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Entomology

  • Cedric Gillott

Table of contents

  1. Front Matter
    Pages i-xviii
  2. Evolution and Diversity

    1. Front Matter
      Pages 1-1
    2. Cedric Gillott
      Pages 3-21
    3. Cedric Gillott
      Pages 23-51
    4. Cedric Gillott
      Pages 53-87
    5. Cedric Gillott
      Pages 89-107
    6. Cedric Gillott
      Pages 109-120
    7. Cedric Gillott
      Pages 121-136
    8. Cedric Gillott
      Pages 137-182
    9. Cedric Gillott
      Pages 183-216
    10. Cedric Gillott
      Pages 217-268
    11. Cedric Gillott
      Pages 269-318
  3. Anatomy and Physiology

    1. Front Matter
      Pages 319-319
    2. Cedric Gillott
      Pages 321-334
    3. Cedric Gillott
      Pages 335-359
    4. Cedric Gillott
      Pages 361-385
    5. Cedric Gillott
      Pages 387-419
    6. Cedric Gillott
      Pages 421-438
    7. Cedric Gillott
      Pages 439-462
    8. Cedric Gillott
      Pages 463-479
  4. Reproduction and Development

    1. Front Matter
      Pages 503-503
    2. Cedric Gillott
      Pages 505-535
    3. Cedric Gillott
      Pages 537-562
    4. Cedric Gillott
      Pages 563-591
  5. Ecology

    1. Front Matter
      Pages 593-593
    2. Cedric Gillott
      Pages 595-625
    3. Cedric Gillott
      Pages 627-654
    4. Cedric Gillott
      Pages 655-692
  6. Back Matter
    Pages 693-729

About this book

Introduction

The idea of writing this book was conceived when, in the late 1960s, I began teaching a senior undergraduate class in general entomology. I soon realized that there was no suitable text for the class I intended to give. The so-called "general" or "introductory" texts reflected the traditional taxonomic approach to entomology and contained relatively little information on the physiology and ecology of insects. This does not mean that there were no books containing such information. There were several, but these were so specialized and de­ tailed that their use in an introductory class was limited. I hold a strong belief that an undergraduate general entomology course should provide a balanced treatment of the subject. Thus, although some time should be devoted to taxonomy, including identification (best done in the laboratory, using primar­ ily material which students themselves have collected, supplemented with specimens from the general collection), appropriate time should be given also to discussion of the evolution, development, physiology, and ecology of in­ sects. In the latter category I include the interactions between insects and Man because it is important to stress that these interactions follow normal ecological principles. Naturally, the format of this book reflects this belief. The book has been arranged in four sections, each of which necessarily overlaps with the others.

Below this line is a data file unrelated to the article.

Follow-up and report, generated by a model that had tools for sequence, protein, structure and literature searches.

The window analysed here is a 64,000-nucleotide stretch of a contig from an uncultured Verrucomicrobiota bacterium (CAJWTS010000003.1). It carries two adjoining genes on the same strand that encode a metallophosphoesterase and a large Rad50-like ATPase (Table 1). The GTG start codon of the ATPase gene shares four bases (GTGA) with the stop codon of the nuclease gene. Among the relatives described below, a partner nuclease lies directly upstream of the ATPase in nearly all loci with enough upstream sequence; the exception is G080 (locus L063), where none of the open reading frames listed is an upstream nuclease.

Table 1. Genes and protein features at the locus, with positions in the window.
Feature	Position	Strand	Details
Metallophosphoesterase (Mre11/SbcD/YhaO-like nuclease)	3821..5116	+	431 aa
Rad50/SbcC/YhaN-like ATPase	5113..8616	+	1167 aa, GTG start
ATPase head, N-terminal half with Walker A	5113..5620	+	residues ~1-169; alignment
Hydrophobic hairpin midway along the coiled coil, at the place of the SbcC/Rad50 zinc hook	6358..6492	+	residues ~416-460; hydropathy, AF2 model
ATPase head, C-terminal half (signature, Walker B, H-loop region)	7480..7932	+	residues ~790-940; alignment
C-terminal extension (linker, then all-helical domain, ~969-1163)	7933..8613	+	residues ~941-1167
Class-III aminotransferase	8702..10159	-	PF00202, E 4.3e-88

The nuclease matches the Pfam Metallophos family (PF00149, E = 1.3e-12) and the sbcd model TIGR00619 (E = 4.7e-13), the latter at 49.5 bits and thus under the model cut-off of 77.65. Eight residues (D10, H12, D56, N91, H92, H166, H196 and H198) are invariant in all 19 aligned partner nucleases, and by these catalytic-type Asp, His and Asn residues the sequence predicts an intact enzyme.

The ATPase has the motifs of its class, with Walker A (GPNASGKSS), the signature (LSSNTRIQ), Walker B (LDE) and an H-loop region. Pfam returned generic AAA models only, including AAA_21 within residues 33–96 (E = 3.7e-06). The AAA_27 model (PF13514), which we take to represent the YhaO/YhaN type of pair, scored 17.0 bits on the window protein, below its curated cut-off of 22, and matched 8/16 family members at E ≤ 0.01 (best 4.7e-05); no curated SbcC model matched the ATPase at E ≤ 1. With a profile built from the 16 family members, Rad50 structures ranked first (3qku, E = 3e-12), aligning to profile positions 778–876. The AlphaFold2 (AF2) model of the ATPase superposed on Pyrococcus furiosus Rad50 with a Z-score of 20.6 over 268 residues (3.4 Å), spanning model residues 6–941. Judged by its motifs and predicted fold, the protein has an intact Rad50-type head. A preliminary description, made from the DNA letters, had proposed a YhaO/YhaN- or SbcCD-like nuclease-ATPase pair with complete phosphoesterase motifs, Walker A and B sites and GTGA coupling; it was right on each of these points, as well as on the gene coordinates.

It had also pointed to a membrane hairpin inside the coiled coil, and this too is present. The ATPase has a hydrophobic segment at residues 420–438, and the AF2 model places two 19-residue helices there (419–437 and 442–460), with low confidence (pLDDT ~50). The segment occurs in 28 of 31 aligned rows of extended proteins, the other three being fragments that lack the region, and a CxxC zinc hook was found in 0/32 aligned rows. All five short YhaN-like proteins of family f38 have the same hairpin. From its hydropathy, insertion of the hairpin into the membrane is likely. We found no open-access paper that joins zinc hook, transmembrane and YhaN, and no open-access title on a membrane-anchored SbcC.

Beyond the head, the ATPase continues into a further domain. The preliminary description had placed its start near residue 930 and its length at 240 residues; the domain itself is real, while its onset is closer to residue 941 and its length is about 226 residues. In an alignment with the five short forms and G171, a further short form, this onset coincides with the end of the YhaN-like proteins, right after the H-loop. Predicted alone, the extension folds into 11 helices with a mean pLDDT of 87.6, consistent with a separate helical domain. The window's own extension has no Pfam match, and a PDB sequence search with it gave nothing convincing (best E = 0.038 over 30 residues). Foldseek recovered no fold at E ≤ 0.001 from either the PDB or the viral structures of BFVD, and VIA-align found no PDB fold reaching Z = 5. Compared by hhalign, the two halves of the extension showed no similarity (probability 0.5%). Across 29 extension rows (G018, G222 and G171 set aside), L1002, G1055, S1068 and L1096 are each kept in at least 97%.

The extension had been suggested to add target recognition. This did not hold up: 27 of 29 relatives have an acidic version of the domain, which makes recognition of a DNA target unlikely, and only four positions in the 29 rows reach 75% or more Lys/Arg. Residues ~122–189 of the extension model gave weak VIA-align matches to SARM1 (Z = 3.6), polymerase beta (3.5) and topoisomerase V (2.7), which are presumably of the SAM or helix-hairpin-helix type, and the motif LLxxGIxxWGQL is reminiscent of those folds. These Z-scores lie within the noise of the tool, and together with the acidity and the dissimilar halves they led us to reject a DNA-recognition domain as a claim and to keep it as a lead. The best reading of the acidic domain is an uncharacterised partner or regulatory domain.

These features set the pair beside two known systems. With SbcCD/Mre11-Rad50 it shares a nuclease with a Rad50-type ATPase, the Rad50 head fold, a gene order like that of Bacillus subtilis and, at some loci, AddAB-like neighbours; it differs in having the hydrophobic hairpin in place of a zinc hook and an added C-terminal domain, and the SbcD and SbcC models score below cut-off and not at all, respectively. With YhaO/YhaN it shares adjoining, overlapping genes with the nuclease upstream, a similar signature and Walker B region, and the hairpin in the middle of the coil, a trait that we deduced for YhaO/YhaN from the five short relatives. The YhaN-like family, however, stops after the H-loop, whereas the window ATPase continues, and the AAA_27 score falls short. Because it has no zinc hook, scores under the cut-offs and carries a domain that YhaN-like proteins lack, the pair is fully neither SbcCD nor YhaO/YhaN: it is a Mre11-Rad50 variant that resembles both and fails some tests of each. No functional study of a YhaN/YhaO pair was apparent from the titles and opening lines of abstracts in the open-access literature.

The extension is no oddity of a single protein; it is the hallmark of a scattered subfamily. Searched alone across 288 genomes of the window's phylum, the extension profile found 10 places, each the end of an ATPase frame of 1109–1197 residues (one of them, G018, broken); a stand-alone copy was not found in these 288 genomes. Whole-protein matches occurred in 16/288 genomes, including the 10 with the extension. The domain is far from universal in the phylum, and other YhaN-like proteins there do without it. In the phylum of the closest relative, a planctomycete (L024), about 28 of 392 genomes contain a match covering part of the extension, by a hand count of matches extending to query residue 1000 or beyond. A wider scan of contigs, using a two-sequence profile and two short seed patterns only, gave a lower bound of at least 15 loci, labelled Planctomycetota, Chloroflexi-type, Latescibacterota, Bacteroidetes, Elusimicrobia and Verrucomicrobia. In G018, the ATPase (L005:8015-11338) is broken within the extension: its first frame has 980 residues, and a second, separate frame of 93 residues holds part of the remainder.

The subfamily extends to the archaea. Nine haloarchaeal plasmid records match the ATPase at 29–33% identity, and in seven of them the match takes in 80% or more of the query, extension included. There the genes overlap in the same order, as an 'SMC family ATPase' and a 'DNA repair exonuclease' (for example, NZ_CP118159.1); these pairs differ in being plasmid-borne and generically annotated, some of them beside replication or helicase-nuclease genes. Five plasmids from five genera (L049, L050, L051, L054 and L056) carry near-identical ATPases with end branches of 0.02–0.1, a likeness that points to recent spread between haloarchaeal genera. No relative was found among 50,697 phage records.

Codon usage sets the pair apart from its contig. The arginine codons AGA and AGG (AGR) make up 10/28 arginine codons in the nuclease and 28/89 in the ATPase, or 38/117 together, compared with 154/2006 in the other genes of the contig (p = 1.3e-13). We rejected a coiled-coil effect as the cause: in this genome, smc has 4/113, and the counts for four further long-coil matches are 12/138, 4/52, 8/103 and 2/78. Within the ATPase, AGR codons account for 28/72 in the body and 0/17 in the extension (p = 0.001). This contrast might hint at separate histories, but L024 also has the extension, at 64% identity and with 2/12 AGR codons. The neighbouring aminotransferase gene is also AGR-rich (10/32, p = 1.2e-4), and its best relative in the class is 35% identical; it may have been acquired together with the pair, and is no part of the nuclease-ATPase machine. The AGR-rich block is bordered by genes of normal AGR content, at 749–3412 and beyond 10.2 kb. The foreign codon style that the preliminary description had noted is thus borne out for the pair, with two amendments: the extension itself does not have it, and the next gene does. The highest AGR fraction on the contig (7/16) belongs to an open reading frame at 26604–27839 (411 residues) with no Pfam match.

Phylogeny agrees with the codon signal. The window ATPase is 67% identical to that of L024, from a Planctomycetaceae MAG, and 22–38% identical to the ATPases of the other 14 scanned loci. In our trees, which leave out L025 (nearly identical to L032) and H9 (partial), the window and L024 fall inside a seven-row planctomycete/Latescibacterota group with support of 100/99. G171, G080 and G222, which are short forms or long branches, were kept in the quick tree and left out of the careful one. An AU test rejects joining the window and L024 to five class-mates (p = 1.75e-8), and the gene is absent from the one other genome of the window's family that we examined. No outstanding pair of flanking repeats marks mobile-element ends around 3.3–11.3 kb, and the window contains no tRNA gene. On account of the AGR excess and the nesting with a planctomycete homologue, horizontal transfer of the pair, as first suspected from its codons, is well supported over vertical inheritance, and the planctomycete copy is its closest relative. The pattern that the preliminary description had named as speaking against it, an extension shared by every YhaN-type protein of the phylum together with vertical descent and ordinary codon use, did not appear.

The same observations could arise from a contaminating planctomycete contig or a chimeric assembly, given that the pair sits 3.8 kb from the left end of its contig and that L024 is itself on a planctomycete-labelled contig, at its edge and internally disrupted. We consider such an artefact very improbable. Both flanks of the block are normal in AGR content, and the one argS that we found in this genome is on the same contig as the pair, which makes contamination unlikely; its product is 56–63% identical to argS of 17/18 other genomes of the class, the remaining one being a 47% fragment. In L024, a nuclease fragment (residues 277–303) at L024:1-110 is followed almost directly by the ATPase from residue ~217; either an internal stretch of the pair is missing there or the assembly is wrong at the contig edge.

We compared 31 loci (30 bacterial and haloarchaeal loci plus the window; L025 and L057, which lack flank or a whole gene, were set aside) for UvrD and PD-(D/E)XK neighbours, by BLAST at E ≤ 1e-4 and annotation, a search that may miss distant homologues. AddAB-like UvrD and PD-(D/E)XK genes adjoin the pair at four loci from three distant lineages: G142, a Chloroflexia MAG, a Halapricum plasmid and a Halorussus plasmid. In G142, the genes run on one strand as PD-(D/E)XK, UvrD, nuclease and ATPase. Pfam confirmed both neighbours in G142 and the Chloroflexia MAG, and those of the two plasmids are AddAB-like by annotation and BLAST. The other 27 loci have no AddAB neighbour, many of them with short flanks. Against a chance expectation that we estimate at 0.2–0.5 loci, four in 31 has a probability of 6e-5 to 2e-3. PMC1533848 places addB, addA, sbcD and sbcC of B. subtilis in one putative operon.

Keywords

development ecology entomology evolution insect insects physiology taxonomy

Authors and affiliations

  • Cedric Gillott
    • 1
  1. 1.University of SaskatchewanSaskatoonCanada

Bibliographic information